The sixth game of the MLily Gu vs Lee Jubango was held in Lu’an, Anhui Province, China.
Another early lead for Gu Li
Once again, Gu Li’s skill in the opening gained him an early lead and the game favored Black after 27 moves.
Black was still in the lead up to move 41, with a large territory in the top right, but then…
Lee Sedols seizes an opportunity
…When Black played a double hane at the bottom, and then extended with 45, Lee Sedol didn’t miss a beat. He cut White’s group in two and started a fight in the bottom right corner.
Black fought back resolutely, but White promptly sacrificed two stones – gaining sente moves in the center and turning to attack Black on the left side.
In the fighting that followed Lee was able to catch up again.
A brilliant empty triangle
White’s empty triangle at 112 was hard to see, but it was a brilliant move which made miai of L9 and G4 for White. This instigated a large trade.
When the dust settled at 122, White had captured Black’s right side group and made two of his own groups strong in the process.
A sure thing turns to chaos
It looked like White was well on the road to victory when he played 134.
However, just when we were were thinking it was over already, the game became unexpectedly complicated, with White 146 and 148.
Spectators were left on the edge of their seats for another 30 moves – where any move could decide the game.
It was no longer a sure thing, but Lee Sedol pulled through and grasped his fourth win for the match. Black resigned after 178 moves.
Gu Li needs to find another couplet
The players have alternated between two games each in the match so far.
Gu Li better hope this pattern continues, because if he loses game 7 he’ll have to face three successive kadobans (match deciding games) and will be up against the wall.
Game 7 will take the players back up to the heavens, this time in Lhasa (August 31). Since altitude sickness was a factor in game 5, we might see the players doing some altitude training in the next month.
We’ll be back with a commentary soon, but in the meantime here are An Younggil 8p’s preliminary comments:
An Younggil’s preliminary analysis
Gu Li started the game with a nice opening up to Black 27. White 20 and 24 looked questionable in this sequence.
White 36 was an unexpected ladder breaker, but the result up to Black 41 was still good for Black.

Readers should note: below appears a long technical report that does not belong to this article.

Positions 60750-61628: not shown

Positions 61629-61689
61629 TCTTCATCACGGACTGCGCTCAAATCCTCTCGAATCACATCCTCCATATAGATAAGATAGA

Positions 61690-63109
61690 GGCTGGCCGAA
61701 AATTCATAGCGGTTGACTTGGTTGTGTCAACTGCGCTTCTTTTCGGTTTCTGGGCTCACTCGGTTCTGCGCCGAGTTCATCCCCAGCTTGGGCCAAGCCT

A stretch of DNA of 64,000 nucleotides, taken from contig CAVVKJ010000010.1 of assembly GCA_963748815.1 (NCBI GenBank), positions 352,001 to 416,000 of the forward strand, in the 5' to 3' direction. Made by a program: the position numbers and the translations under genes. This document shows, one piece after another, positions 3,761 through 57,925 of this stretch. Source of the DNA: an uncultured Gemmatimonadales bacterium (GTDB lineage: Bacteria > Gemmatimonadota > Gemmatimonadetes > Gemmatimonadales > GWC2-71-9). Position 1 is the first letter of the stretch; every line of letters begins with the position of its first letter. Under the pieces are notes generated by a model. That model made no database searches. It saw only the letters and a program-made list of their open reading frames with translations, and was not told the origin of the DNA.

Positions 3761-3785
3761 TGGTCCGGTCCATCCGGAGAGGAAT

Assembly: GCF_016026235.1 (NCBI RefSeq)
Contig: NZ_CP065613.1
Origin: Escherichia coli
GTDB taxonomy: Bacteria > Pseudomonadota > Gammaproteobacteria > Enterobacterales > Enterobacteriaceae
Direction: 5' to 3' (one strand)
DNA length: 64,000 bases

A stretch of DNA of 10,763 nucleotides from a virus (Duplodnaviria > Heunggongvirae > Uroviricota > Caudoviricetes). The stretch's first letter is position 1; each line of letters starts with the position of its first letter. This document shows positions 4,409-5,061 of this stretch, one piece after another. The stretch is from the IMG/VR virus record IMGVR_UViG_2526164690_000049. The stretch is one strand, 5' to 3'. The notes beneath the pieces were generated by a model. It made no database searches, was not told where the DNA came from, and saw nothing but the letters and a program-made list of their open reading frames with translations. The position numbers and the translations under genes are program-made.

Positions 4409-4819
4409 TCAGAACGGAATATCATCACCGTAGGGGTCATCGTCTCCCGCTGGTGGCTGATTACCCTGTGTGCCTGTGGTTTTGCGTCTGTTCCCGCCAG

Black 43 and 45 were too much, and White countered with White 46 and 48. White caught up by sacrificing two cutting stones at the bottom.
White 62 and 64 demonstrated Lee’s unique attacking style. They were practical moves, well suited to the situation. The continuation up to White 72 was successful for White and the game became even again.
Black 85 and 87 were sharp, but White’s responses were accurate up to White 96. The game was still playable for both players.
White 98 and 100 were nice haengma, but White 104 and 106 were overplays.
Black 109 was careless, and the game suddenly became difficult for Black.
White 112 was a brilliant move, and Black was in trouble.
The trade up to White 122 was very good for White, and White took a solid lead. I couldn’t find any other options for Black after Black 109.
Black 123 to 129 were a nice way to resist, but White didn’t give Black any chances to catch up with 134 and 138.
White 146 and 148 were big mistakes and they made the game very complicated. White didn’t need to play aggressively like this, because he was already well ahead if he just played it safe.
Black 153 was an incredible move and the game descended into total chaos. However, Black 157 wasted a good opportunity. Black should have played at 162.
White 162 seemed to be a mistake, and Black 167 was the last losing move. He should have played at 169 first, and it still would have been difficult for White to wrap up the game.
White 168 and 172 were the finishing blows and Black resigned.
The MLily Gu vs Lee Jubango
Two of the world’s top Go players, Lee Sedol and Gu Li, will play a jubango throughout 2014, to decide which of them is the stronger player.
A jubango is a 10 game match between two players. The term originates from the Japanese language and has been imported into English language Go parlance. The first player to win six games wins the match.
Gu Li vs Lee Sedol – Game 6
David Ormerod, with Younggil An and Jingning Xue